Dr. H. Gordon Davis came home to rural southwest Georgia to practice — and wants to encourage others to do the same.
A doctor was born Feb. 21, 1919, in Sylvester, Georgia, a mostly rural town on the outskirts of Albany. Of course, no one knew it then, but his mother promised it.
“When I was born, I weighed 15 pounds,” says Dr. H. Gordon Davis, a 1945 alumnus of the Medical College of Georgia. “My mother couldn’t walk for three months, and she made a promise to the Lord that, if he’d let her walk again, she’d make a doctor out of me.”
It wasn’t an easy promise for him to fulfill, he says, acknowledging that school was always a challenge for him. After graduating from high school, Davis went to work in the grocery store his father ran in their hometown. But he never forgot about the commitment his mother had made 18 years before.
“After about a year, I looked at my father one day and said, ‘Daddy, I’d like to go to college if you can afford it,’” Davis remembers. But he was one of Henry Gordon Davis Sr. and Lillian Davis’ seven children, and at the time, one brother was studying at Abraham Baldwin Agricultural College and another was at the University of Georgia. Finances were tight, but “Daddy looked at me and said, if you think you can do it, we’ll make it work.”
Determined, Davis decided to go to UGA. That fall, when his brother returned to Athens for his junior year of college, Davis packed his bags and went with him – without even bothering to apply. “I didn’t even know how to,” he says. “I just walked in [to
the registrar] and told them I was there to go to school. They had to call back [to Sylvester] to get my records and verify that I graduated high school.” He enrolled right then and there.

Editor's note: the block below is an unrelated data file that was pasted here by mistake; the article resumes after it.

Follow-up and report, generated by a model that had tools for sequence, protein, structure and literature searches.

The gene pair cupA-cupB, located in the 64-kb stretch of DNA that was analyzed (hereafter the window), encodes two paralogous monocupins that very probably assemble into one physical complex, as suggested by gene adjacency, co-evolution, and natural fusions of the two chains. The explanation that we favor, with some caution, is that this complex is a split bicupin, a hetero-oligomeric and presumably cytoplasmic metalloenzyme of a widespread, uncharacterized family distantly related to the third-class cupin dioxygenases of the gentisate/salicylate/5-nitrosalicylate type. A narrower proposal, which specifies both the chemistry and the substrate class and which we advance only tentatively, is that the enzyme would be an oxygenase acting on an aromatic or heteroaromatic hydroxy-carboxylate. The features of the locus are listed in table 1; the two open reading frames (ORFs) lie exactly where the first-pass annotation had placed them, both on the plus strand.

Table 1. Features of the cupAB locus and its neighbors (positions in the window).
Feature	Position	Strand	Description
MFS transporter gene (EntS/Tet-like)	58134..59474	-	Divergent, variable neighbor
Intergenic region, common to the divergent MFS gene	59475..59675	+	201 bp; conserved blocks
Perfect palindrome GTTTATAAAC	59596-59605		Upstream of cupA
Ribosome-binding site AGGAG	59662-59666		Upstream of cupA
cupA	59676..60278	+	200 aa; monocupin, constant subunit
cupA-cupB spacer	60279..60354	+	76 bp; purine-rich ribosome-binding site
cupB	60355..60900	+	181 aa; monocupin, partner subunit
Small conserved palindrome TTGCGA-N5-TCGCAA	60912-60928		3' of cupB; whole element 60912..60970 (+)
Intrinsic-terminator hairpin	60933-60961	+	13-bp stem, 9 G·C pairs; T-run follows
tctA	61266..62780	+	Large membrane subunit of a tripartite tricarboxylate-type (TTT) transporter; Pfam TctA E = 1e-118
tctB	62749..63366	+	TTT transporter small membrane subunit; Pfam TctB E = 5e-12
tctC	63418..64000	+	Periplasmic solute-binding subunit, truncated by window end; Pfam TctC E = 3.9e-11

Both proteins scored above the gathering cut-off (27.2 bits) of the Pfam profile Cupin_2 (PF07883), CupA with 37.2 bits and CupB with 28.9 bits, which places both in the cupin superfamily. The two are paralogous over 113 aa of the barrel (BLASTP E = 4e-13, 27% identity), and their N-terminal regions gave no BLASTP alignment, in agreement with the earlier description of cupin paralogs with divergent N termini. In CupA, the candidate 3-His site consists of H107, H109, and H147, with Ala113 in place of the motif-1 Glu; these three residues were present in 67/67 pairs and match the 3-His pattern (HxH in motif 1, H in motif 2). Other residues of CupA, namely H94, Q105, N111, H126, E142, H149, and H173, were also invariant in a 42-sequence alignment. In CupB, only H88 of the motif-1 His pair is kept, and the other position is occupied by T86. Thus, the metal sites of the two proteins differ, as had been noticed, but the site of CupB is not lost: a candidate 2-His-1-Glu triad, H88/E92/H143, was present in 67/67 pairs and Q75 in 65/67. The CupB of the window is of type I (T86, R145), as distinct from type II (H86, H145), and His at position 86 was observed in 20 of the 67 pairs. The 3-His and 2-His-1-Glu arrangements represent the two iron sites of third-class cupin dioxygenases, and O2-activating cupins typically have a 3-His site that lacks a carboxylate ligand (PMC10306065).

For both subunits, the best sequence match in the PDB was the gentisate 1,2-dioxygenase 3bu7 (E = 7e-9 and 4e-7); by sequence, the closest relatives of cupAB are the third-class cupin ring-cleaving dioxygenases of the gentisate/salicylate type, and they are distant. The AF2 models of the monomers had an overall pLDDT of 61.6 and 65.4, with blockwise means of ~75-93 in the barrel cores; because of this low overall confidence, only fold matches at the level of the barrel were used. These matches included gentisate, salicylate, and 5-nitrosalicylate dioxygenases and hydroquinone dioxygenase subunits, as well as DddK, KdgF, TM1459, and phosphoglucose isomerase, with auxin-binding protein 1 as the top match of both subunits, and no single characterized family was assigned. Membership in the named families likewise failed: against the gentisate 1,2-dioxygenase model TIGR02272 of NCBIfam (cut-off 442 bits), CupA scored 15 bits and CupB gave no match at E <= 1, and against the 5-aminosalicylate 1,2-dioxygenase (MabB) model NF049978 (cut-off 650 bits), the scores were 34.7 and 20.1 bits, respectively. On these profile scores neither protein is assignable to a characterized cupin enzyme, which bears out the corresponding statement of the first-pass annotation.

It was at UGA where he met Francis Salisbury, a pretty dietetics major one year his junior, and fell in love. But his mother’s promise remained on his mind throughout his four years in Athens, and he applied and was accepted to the state’s medical school nearly 100 miles away from Athens and from Francis. For a year, he’d take the bus to Athens to see her every Friday. And every Sunday, she’d drive him back in her ’29 Chevy. The two were married on Pearl Harbor Day – Dec. 7, 1941.
After graduating medical school and completing his training, Davis opened his family practice in Sylvester. It wasn’t enough for him to have fulfilled the promise of becoming a physician, he says. He wanted to — and always knew — he’d come back home to practice. As a family medicine physician in rural southwest Georgia, he spent long days doing everything from caesarian sections to hernia repairs, and those days often turned to nights, which he spent delivering babies.
Now Davis and his late wife Francis are helping to ensure the next generation will want to study and, hopefully, eventually practice in his tiny hometown and other places in southwest Georgia. The H. Gordon Davis Jr., MD and Francis S. Davis Scholarship Endowment Fund provides scholarships
for medical students from southwest Georgia who want to spend their third and/or fourth years of medical school at MCG’s Southwest Campus, based in Albany.
When the Davises returned to Sylvester, there were at least “four or five other hometown boys” who’d also gone to medical school and come back home to practice, he says. There aren’t many more than that now.
According to the Georgia Board for Physician Workforce, 14 physicians are practicing primary care in Worth County, where Sylvester is located. With a population of just over 21,000, that’s one for every 1,520 people. Yet they’re faring better than many of their neighbors. In a 2014 report, the Georgia Board warned that the physician shortage was most critical in rural areas, citing the fact that six Georgia counties have no family medicine doctors. Four of those – Quitman, Talbot, Taylor and Clay counties – are located in southwest Georgia. The numbers get scarier when counting rural areas with no specialists.
Davis says the scholarship is one way he wants to help change that. The idea, he says, is to encourage someone from a rural area to go into medicine with the idea of coming back home to practice, just like that little boy, born in 1919, who kept a promise to his mother.
“I did it,” he says proudly. “I want to show them that they can do it, too. I think they should want to come back.”